Saturday, February 03, 2007

Understanding the High Speed Rail Stations

One of the most puzzling aspects of the high speed rail system is the placement of the stations far from the cities. At last month's Swenson's meet up, which I haven't had a chance to blog on yet, we finally received an answer, courtesy of a Taiwan land use expert's presentation.

What happened was this. Planning for the HSR began back in 1987. At that time economic growth was running high and people were flooding into the cities, which were hugely congested (this was also before the metro in Taipei as well). Planners envisioned the HSR as a system that would drive the development of smaller suburban satellite cities on the English New Town model. The stations were thus located far from the city centers in the hope that they would pull people out of the booming cities to become the focii of new development. The HSR company was then given the rights to lease the land around the stations, and collect revenues from station operations -- renting out retail space within the station, as the Japanese bullet trains do. Fast forward twenty years and Taiwan is completely different -- thus the HSR stations that appear to be wrongly located far from urban downtowns, solving a problem that no longer exists.


Anonymous said...

I'm not sure if that is entirely true Micheal. With my limited experience with the HSR Stations (The only station I've seen so far has been the Taoyuan station), I'd have to say that the entire area around the Taoyuan station is developing at a very high speed. While it may be far from Taoyuan or Zhong Li, it is quite convenient to get access to, and the amenities popping up around the station are creating an entirely new "town" if you will. I think it was a pretty ideally located station and excellent in terms of land use.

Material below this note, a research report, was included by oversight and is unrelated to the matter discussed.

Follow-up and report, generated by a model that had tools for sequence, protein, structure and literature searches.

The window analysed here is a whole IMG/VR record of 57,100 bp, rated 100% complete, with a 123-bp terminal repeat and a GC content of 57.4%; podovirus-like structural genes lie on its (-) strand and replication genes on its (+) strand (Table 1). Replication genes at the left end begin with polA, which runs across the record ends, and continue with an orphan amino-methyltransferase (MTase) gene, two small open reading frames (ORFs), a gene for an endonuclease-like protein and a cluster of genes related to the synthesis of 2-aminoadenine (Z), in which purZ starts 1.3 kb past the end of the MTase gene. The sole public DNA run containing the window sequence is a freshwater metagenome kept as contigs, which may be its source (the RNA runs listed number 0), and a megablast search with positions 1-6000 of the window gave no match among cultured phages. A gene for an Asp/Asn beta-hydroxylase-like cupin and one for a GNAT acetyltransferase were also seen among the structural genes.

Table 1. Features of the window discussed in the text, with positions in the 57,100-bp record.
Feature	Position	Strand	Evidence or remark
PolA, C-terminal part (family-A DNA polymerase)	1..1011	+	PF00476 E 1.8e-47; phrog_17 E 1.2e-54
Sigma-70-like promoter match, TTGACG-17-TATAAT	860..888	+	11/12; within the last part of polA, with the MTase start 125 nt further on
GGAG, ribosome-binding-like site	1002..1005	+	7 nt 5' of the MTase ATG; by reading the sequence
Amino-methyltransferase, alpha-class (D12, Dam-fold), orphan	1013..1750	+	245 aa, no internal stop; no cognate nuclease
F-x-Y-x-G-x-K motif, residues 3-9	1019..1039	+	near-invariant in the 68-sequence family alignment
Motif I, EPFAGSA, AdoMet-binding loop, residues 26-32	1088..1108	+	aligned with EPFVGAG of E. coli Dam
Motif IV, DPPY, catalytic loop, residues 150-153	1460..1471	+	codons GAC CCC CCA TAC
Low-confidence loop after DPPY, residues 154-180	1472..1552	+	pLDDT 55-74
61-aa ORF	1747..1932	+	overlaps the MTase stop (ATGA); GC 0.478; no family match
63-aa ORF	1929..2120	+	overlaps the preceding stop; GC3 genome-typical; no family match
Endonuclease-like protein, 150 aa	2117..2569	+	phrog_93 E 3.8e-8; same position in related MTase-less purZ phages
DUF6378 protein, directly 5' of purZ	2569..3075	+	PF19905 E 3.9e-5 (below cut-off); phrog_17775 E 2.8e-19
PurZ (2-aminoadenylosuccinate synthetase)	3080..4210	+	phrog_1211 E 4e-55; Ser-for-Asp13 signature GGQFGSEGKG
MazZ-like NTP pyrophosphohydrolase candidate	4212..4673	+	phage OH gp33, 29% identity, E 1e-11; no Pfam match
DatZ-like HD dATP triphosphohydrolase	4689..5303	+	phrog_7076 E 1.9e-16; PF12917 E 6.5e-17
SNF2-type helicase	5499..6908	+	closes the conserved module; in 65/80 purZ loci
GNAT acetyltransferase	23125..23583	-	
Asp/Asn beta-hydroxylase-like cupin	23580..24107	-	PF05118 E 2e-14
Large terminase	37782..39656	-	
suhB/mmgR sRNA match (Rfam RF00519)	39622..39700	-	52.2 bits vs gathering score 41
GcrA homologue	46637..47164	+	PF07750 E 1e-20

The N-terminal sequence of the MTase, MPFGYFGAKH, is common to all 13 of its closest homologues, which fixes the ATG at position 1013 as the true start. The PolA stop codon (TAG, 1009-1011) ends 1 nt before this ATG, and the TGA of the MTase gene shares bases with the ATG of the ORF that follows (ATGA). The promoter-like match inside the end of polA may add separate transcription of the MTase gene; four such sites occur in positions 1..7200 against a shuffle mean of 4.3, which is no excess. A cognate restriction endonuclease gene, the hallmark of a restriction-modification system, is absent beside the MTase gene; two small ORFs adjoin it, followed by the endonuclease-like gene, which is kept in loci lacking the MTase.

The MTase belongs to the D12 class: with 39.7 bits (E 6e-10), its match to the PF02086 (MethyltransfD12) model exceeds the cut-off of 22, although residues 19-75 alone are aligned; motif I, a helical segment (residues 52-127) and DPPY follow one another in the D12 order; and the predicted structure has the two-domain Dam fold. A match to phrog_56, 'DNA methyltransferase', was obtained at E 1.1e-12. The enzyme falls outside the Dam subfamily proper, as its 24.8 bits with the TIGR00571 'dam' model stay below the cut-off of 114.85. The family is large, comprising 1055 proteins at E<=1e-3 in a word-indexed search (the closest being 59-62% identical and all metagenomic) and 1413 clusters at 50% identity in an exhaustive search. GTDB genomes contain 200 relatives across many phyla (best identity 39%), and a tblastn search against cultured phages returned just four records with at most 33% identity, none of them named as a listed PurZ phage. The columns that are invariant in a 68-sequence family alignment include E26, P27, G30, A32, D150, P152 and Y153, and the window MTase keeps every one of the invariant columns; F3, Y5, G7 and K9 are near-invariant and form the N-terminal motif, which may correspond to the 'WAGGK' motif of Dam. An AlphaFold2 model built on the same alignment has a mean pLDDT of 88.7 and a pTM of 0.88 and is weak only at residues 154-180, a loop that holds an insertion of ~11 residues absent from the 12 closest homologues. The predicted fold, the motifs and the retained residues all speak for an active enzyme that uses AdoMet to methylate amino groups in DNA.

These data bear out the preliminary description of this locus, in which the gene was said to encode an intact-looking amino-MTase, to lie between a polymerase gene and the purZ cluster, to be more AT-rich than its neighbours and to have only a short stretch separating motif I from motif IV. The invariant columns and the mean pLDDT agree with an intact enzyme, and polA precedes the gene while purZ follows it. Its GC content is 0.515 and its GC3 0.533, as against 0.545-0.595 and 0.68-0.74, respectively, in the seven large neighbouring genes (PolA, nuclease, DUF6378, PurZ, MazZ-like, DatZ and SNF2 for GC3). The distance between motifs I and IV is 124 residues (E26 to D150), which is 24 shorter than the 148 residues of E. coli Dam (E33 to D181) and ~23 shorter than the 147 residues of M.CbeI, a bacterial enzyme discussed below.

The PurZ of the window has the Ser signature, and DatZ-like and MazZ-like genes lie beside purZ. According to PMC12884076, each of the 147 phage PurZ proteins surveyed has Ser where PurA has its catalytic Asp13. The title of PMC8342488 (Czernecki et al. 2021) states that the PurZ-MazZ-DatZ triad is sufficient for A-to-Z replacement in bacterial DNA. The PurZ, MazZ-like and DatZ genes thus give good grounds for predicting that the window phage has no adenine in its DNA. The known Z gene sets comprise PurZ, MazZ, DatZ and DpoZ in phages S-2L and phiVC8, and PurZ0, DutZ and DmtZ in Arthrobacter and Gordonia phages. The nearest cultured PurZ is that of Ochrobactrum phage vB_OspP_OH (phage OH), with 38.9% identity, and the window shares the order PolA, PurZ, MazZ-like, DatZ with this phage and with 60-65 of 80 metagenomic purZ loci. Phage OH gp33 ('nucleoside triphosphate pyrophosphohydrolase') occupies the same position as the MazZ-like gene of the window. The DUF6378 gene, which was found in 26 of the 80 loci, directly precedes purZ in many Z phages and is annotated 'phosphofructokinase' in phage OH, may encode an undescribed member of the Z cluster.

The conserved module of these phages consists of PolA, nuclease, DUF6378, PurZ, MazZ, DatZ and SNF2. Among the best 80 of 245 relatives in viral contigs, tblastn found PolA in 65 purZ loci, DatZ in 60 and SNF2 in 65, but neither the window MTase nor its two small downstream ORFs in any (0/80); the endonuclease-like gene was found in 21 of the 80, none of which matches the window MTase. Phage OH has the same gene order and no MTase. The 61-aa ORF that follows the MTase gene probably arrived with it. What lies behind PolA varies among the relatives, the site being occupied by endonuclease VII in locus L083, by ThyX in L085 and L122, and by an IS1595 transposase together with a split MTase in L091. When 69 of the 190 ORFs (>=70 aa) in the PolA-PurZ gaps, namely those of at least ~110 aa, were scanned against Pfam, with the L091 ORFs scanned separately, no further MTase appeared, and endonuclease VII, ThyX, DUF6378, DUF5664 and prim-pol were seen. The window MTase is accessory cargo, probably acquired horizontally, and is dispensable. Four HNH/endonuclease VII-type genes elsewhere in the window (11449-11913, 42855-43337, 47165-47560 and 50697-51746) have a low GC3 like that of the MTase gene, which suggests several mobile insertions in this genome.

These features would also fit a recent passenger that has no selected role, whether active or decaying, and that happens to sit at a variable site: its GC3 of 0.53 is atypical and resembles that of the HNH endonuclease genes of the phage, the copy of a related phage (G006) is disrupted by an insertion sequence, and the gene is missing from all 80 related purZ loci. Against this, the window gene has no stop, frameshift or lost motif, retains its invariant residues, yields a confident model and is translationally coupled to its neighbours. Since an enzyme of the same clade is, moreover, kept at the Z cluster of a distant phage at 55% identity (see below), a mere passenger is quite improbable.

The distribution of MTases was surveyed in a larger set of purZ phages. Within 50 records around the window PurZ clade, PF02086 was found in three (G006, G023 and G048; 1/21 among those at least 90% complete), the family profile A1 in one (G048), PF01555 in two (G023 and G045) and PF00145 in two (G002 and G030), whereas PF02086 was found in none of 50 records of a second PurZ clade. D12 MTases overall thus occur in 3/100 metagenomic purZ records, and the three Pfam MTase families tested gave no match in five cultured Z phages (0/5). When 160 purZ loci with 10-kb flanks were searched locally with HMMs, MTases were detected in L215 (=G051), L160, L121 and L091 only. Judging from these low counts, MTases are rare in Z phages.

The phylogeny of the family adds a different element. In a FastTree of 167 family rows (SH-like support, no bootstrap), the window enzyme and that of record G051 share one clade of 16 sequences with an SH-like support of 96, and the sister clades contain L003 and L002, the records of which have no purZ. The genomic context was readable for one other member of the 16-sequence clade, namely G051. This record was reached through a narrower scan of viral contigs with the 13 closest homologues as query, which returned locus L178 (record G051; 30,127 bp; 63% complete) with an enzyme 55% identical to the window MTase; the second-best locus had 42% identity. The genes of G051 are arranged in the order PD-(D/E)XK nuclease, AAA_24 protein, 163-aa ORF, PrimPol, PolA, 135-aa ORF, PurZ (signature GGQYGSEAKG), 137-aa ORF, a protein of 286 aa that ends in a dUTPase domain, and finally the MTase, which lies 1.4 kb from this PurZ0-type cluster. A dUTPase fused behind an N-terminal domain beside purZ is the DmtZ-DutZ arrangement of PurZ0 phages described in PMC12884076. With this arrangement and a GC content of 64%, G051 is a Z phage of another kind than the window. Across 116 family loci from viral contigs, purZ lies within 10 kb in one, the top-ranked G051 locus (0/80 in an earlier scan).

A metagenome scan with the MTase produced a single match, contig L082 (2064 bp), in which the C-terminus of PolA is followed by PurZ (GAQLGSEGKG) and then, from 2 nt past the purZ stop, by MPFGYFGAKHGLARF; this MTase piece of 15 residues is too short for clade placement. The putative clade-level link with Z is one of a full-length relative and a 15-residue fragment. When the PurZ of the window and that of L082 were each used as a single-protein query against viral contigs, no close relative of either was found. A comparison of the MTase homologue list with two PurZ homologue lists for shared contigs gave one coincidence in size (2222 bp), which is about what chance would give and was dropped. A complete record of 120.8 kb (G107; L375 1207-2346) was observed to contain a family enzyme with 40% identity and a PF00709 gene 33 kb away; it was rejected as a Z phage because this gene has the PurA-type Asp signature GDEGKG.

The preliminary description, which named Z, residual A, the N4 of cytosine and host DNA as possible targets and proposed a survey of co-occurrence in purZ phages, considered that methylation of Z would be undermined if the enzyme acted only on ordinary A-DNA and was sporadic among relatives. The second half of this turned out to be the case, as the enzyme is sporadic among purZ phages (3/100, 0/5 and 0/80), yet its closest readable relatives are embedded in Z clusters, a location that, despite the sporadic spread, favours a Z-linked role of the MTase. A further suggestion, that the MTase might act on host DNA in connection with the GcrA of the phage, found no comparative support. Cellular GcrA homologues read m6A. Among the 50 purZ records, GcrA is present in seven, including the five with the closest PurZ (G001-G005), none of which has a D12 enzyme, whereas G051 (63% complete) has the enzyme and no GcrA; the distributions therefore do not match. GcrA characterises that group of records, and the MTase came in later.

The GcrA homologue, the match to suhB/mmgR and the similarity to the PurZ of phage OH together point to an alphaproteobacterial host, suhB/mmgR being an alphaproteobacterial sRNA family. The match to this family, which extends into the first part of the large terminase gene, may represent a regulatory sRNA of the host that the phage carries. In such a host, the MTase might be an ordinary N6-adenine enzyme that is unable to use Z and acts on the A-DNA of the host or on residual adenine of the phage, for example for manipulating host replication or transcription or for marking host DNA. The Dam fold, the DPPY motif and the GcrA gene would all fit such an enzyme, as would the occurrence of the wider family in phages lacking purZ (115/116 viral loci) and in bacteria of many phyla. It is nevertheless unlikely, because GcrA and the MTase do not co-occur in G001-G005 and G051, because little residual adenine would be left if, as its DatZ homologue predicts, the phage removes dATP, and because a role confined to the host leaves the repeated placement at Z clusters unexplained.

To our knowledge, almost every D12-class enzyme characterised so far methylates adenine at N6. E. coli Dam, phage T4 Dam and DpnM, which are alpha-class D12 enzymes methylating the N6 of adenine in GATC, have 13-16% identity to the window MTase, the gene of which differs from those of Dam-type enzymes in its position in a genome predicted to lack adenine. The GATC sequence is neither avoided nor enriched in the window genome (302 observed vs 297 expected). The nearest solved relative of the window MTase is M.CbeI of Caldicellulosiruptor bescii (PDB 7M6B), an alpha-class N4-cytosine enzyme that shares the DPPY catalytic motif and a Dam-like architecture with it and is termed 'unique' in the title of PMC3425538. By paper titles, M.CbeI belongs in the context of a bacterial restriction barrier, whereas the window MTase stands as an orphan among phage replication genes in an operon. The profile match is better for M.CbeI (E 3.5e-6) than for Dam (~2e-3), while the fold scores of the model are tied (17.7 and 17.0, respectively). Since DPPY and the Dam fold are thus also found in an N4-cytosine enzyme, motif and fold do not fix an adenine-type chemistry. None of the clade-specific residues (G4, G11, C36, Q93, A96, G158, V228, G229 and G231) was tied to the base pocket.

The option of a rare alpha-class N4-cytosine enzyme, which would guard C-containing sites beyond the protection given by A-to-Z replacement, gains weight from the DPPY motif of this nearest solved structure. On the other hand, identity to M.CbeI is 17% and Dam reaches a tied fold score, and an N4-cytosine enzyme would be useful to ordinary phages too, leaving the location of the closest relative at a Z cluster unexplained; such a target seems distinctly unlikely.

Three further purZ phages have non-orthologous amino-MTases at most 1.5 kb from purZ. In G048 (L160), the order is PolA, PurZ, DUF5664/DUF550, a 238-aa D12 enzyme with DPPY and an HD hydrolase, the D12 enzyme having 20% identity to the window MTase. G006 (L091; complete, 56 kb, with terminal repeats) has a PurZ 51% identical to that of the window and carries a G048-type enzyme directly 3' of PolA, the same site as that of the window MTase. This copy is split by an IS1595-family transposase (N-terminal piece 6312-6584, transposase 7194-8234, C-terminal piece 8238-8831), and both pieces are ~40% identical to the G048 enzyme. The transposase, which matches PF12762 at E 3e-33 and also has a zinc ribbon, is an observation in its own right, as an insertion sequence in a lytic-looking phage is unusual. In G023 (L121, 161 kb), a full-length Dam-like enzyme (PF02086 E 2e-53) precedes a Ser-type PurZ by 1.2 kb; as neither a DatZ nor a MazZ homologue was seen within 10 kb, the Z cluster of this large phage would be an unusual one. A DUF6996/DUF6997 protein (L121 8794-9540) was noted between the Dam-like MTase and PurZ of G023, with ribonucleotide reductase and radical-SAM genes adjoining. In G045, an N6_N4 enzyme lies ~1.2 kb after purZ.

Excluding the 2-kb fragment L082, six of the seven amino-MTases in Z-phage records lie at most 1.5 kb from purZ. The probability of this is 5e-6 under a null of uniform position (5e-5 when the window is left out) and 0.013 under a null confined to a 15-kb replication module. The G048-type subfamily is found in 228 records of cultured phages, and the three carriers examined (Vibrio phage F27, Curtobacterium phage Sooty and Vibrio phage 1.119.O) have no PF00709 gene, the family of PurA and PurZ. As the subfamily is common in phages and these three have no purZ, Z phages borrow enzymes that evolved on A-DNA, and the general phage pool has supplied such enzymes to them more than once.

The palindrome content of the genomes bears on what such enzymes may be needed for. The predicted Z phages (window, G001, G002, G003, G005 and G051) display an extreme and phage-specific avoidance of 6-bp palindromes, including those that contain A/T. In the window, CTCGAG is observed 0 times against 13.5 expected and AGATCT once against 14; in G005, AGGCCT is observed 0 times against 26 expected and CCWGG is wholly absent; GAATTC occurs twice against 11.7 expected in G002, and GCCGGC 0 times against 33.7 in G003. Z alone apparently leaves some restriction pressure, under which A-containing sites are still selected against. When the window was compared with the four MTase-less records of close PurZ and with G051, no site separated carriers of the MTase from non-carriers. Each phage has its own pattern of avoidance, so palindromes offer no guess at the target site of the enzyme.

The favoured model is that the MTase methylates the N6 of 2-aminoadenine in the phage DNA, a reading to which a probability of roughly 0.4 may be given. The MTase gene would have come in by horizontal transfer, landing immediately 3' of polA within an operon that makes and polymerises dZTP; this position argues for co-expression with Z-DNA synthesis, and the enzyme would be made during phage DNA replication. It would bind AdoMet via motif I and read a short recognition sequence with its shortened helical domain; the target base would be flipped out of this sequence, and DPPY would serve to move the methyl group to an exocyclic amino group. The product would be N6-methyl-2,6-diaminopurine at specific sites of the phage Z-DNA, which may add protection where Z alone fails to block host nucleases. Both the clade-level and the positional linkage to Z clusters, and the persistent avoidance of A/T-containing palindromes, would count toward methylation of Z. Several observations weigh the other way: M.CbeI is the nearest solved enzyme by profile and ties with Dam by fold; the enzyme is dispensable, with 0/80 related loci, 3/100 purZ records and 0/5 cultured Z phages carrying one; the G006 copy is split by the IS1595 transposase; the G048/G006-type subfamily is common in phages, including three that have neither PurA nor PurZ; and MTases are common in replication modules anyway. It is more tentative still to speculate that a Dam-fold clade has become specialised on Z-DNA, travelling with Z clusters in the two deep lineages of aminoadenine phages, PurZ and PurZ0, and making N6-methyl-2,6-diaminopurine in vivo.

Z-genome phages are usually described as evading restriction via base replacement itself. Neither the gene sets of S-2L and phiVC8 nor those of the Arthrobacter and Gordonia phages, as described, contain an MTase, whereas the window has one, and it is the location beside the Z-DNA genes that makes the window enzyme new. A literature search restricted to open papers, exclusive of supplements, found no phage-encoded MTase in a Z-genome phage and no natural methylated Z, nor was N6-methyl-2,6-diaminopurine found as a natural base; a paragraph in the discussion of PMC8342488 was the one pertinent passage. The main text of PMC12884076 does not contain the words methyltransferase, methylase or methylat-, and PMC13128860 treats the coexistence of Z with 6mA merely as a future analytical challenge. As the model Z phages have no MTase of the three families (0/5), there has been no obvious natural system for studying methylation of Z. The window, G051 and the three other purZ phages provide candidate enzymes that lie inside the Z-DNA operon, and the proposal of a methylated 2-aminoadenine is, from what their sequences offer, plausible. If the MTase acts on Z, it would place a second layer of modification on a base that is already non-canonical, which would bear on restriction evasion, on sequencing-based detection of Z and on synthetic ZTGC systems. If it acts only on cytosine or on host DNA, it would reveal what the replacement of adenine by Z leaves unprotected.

Roderick Taylor said...

thus the HSR stations that appear to be wrongly located far from urban downtowns, solving a problem that no longer exists.

I don't agree. I think the congestion problem still exists, especially outside of Taipei. Hsinchu and Tainan are my two examples, and station placement perfectly appropriate for places like this. Zhubei (竹北) is developing quickly coming along nicely and central Tainan certainly doesn't need more traffic.

It also makes it cheaper to build a project like this because you don't have to compensate people when you knock down their houses.

I think the what the definition of congested traffic is different depending on what it's like in your home town. My home town standards consider a 20 minute scooter as close.

Michael Turton said...

Have mercy. I'm just conveying someone else's explanation.


Anonymous said...


It might still work as intended by the original planners, when you think about the effect of the MRT lines on Taipei. The Tanshui line, in particular, really shifted the centre of gravity of northern Taipei from Tienmu to Peitou.